Burk Proposes Leesburg Airport Commission Overhaul

During the new Leesburg Town Council’s first meeting of the year, Mayor Kelly Burk proposed some major changes to the town’s Airport Commission.

Burk pointed to the arrival of the airport’s second fixed-based operator last year, this one headed by JK Moving Services CEO Chuck Kuhn, as creating a need to bring more a business-focused approach to the commission. She said both Kuhn and Shye Gilad, the CEO of the airport’s other fixed-base operator, ProJet Aviation, approached her individually to propose some changes to the commission’s membership make-up and responsibilities.

While Burk was effusive in praise for the commission’s current seven members and the work they have done over the years, she said her proposed changes are “a way to make it even better.”

“We need to have different voices. The pilots [on the commission] are not at the airport every day. It would be valuable to them to have different voices besides just pilots,” she said.

Burk pointed to her appointment of Commissioner Lindsay Arrington two years ago, which she said was met with tremendous pushback from commissioners at the time. Since then, Burk said, Arrington, who works for ProJet Aviation, has received praise from her commission peers for her contributions.

“The pushback for that in itself made me realize there needs to be different voices there,” Burk said.

In addition to Arrington, the commission’s current members include Chairman Dennis Boykin IV, who has served on the commission since 2004 and as chairman since 2006, along with fellow longtime commissioner Tom Toth, former Town Council member Hugh Forsythe, Vaughn Allex, Raymond de Haan, Gary Rogerson, and Board of Supervisors representative Jonathan Corcoran.

Among her proposed changes, Burk has suggested expanding the membership of the commission to four licensed pilots who do not have any association with either of the airport’s flight schools or fixed-base operators; one resident with no business connection to the airport, and who lives in one of its surrounding neighborhoods; two individuals, either town residents or town business owners, with experience in commercial business operations that are also unaffiliated with the airport; one non-voting representative from each of the two FBOs; non-voting members from each of the airport’s four flight schools; and the Board of Supervisors representative. As with the current commission, council members would be responsible for making individual appointments.

Burk has also proposed changing the commission’s powers and duties to one that reports directly to the Town Council, much in the same way the town’s other commissions do. Currently, the commission’s powers are a bit stronger, with responsibility for reviewing leases, oversight of airport rules and regulations, preparing and maintaining a capital improvement plan for the airport, and working directly with state and federal aviation authorities, among other charges.

Burk said she did not reach out to the Airport Commission ahead of time to give a heads up about her proposed changes, as she wanted the Town Council to first weigh in on the proposal. She also said she would be fine with the council discussing whether it wanted to entertain changing the commission into an airport authority, which would work independently from the town government to oversee the operation of the municipal airport. That topic was first broached Monday during the council’s work session.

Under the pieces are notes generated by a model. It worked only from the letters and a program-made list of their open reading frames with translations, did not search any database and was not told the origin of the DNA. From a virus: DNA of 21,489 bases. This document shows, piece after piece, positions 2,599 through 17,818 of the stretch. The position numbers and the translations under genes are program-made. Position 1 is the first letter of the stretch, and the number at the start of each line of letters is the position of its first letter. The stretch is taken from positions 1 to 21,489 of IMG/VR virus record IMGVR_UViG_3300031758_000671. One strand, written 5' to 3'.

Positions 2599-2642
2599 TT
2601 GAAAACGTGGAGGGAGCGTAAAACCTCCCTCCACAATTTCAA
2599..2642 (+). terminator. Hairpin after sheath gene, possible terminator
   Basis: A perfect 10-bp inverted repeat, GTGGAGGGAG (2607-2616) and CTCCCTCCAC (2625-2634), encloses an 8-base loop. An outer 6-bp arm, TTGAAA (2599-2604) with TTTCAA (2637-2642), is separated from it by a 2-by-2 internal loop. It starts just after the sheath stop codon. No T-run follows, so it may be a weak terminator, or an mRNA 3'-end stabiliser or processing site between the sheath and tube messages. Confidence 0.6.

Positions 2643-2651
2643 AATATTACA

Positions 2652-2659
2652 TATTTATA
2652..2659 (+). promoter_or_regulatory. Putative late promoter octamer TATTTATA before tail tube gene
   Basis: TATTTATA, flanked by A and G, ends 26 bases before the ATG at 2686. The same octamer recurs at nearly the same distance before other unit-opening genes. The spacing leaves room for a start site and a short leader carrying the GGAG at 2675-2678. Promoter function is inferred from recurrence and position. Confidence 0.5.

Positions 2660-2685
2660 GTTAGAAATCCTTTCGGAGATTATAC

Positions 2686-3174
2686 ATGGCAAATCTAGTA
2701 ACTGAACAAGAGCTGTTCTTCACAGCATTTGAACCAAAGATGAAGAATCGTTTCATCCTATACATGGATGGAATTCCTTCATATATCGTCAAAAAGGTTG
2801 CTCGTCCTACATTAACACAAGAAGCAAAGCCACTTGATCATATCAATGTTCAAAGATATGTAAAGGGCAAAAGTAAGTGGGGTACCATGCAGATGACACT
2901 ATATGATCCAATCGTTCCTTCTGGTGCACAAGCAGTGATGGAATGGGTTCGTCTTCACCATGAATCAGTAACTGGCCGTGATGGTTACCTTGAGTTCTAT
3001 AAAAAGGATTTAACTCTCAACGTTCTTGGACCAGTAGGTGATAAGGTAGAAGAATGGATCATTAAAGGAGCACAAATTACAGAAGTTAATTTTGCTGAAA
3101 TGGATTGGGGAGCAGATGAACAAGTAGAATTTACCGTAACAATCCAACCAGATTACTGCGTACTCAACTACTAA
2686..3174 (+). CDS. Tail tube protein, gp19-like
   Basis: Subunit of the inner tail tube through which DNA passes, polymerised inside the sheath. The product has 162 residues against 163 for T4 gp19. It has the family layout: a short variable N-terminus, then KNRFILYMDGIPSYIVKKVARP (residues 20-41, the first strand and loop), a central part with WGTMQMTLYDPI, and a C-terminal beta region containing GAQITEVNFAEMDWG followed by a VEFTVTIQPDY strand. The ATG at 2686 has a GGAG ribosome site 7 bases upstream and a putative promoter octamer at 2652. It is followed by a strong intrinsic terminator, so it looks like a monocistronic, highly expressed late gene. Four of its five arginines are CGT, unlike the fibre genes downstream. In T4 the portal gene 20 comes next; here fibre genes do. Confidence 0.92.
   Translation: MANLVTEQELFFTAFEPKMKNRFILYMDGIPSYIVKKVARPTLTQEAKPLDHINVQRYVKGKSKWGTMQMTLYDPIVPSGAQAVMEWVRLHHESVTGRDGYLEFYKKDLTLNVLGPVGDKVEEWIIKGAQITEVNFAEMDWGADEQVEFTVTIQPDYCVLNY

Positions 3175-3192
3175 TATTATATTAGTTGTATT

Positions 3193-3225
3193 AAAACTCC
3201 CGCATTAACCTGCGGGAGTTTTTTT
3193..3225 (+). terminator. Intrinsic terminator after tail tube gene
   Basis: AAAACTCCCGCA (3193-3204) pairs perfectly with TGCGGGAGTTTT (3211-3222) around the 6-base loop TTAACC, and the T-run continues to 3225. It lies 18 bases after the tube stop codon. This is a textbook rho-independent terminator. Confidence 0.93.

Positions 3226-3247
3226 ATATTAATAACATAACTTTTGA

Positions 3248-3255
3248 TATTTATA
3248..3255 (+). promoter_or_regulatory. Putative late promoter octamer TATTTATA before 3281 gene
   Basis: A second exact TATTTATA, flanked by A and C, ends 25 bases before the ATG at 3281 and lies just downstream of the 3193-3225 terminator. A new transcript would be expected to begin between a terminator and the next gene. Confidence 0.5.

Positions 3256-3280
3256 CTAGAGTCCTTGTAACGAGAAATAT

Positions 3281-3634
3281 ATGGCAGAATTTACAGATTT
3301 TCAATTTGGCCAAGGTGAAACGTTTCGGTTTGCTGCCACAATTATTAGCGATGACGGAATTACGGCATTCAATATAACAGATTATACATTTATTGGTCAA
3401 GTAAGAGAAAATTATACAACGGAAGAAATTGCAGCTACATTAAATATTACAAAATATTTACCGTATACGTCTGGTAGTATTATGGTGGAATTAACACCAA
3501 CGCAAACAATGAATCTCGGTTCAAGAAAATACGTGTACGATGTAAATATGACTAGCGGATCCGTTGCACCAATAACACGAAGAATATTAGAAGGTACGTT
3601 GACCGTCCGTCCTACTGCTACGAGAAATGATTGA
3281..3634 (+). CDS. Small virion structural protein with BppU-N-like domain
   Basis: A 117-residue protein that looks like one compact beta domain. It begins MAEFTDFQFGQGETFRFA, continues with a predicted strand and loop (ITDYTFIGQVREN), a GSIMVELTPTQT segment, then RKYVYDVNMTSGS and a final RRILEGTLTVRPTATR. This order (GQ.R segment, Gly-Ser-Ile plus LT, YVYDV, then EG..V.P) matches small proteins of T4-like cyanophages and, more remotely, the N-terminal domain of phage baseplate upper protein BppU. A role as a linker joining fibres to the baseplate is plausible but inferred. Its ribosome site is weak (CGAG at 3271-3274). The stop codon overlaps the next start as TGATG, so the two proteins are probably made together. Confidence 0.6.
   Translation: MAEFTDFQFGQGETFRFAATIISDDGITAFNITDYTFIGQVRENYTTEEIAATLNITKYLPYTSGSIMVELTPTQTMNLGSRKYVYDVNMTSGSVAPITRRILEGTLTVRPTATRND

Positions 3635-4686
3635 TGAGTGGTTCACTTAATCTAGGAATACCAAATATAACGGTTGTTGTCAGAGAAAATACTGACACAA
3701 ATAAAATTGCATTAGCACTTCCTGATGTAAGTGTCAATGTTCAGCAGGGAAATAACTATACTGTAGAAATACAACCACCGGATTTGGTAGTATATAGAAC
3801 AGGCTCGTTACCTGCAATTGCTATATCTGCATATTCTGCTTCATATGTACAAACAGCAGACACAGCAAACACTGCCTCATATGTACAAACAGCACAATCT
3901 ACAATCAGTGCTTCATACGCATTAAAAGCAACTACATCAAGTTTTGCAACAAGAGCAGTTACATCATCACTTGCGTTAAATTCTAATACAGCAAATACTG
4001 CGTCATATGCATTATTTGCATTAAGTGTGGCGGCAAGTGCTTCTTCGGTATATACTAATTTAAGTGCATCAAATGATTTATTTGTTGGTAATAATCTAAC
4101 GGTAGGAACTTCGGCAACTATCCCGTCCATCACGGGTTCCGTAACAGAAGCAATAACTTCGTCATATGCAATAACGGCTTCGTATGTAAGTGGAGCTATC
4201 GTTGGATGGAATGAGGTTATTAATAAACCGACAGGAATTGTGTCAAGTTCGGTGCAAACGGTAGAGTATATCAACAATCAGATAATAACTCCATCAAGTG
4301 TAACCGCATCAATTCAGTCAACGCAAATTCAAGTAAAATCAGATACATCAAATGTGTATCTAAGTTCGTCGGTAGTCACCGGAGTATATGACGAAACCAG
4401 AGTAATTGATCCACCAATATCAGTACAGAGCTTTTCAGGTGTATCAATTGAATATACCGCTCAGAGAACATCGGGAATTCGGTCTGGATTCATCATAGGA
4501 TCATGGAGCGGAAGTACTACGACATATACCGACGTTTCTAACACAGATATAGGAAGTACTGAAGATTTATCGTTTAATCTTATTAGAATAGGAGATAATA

Councilwoman Suzanne Fox said she supported the idea of moving toward an airport authority, but cited hesitation on some of the changes proposed by Burk.

“I’m not sure what the problem is that we’re trying to solve,” she said. “Before we solve a problem, we need to know what the issue is. Why are we calling for limiting pilot involvement? That says to me that we are [saying], ‘hey, let’s get rid of the experts.’”

Councilwoman Kari Nacy said the discussion may be a good opportunity to take a “holistic look” at all of the town’s boards and commissions. The former Planning Commission chairwoman also expressed some concerns about involving the airport’s fixed-base operators in the commission.

“Would that be like having a developer on the Planning Commission,” she asked. “Is that something we really need/want? Is there a conflict?”

Boykin said the proposed changes were disclosed to the Airport Commission when they were released for public view—when the council’s agenda packet was released last Thursday.

“We will be reviewing the changes at our meeting on Wednesday evening [Jan. 13]. I anticipate that we will be providing input to the Town Council for its consideration,” he said.

Boykin declined to share his opinion on the proposed changes ahead of the commission’s regularly scheduled monthly meeting.

At least one airport-based business owner is supporting changes on the commission.

Gilad said he believes there needs to be more equitable representation on the commission, and that its scope should to be more in line with the town’s other advisory boards and commissions. He pointed to the commissioners who have been re-appointed for years, and said that does not allow for much diversity of opinion. Gilad also pointed out that there is a limited amount of time for the public or non-commission members to participate in meetings, and that can limit what information gets to the Town Council.

“Voices are not heard unless the commission decides that they’re heard, and even if you’re the largest employer at the airport you’re only allowed to speak during the open comment session [of the commission meeting]. Some of the largest stakeholders are not being heard officially, and I don’t think that that’s equitable,” he said.

The discussion will continue at the council’s next work session, Jan. 25.

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